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AFP and Cardinal Institute File Amicus Brief on Worker Freedom Case

Jun 24, 2019 by AFP

CHARLESTON, WV – Americans for Prosperity-West Virginia (AFP-WV) and the Cardinal Institute filed an amicus curiae brief with the state Supreme Court in the case Donna Harper, et al. vs West Virginia AFL-CIO, et al. – a right to work case that challenges a lower court’s ruling that West Virginia’s right to work law is unconstitutional. The West Virginia law allows workers, besides federal employees and employees of airlines or railroads, to no longer be coerced into paying union dues or fees in order to keep their job.

AFP-West Virginia State Director Jason Huffman issued the following statement:

“No West Virginian should be forced to hand over a portion of their paycheck to fund political speech in order to keep their job. As our brief lays out, there is nothing related to the West Virginia Constitution that prevents the state from implementing right to work. The Supreme Court will find this law ends our coercive status quo and replaces it with individual freedom and reaffirms workers’ free speech rights. We thank Attorney General Morrisey for his work in protecting free speech rights and we will continue to advocate for worker freedom for all West Virginians.”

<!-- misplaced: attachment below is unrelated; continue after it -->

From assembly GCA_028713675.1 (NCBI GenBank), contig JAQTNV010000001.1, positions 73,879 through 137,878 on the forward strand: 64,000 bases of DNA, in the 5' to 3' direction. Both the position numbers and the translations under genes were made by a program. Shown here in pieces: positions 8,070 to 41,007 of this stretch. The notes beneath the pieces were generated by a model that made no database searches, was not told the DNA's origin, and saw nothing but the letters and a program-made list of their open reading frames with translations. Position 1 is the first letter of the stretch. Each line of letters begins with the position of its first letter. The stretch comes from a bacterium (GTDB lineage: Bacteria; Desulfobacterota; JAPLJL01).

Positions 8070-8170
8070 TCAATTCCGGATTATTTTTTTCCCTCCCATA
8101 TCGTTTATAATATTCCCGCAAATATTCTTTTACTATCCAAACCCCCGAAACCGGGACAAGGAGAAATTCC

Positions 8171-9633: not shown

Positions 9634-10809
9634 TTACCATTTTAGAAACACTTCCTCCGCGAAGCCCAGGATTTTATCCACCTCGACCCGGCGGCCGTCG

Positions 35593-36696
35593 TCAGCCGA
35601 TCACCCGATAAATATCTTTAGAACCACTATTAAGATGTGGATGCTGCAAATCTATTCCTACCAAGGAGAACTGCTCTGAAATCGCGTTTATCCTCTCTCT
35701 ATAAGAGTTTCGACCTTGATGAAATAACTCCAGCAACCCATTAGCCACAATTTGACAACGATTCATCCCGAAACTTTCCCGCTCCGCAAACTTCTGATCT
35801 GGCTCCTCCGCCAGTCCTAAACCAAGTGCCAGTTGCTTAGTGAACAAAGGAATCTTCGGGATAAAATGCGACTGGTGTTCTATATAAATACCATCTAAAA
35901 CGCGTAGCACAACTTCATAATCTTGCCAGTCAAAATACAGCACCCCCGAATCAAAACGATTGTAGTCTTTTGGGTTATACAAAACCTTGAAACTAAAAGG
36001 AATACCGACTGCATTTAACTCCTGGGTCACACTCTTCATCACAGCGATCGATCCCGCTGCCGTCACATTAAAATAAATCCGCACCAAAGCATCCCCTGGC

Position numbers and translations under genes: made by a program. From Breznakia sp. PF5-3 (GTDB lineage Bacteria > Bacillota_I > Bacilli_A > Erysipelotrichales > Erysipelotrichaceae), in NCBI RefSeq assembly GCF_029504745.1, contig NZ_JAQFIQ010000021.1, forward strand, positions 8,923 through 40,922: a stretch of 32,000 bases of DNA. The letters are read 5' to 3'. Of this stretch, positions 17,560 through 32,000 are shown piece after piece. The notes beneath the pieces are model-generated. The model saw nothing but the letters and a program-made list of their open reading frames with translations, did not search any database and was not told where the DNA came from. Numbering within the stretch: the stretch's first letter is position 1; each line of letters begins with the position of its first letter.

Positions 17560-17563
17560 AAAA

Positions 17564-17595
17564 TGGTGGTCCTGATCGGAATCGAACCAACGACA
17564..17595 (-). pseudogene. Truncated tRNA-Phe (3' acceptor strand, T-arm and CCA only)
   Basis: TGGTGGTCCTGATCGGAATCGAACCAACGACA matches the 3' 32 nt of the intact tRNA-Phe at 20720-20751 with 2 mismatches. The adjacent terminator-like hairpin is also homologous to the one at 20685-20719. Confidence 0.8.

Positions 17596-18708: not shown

Cardinal Institute Director Executive Director Garrett Ballengee issued the following statement:

“There should be little doubt regarding the constitutionality of right-to-work in West Virginia, and we have great confidence that the amicus brief will shed light on this reality. Right-to-work will serve as an economic catalyst for West Virginia and, most importantly, will protect the right of the worker to provide for his family without being forced to support political causes he fundamentally opposes.”


Last year, in the landmark worker freedom case, Janus v. American Federation of State, County, and Municipal Employees, the Supreme Court ruled that every state can no longer force public employees to fund political speech they disagree with by paying mandatory union fees as a condition to keep their job.

States with right to work policies are associated with many positive economic indicators that reveal increased opportunity for workers. For instance, over a recent 10 year period, right to work states experienced faster manufacturing and overall job growth, higher growth in household consumption, and greater disposable and overall cost of living adjusted incomes.

Americans strongly support right to work laws, including within union households.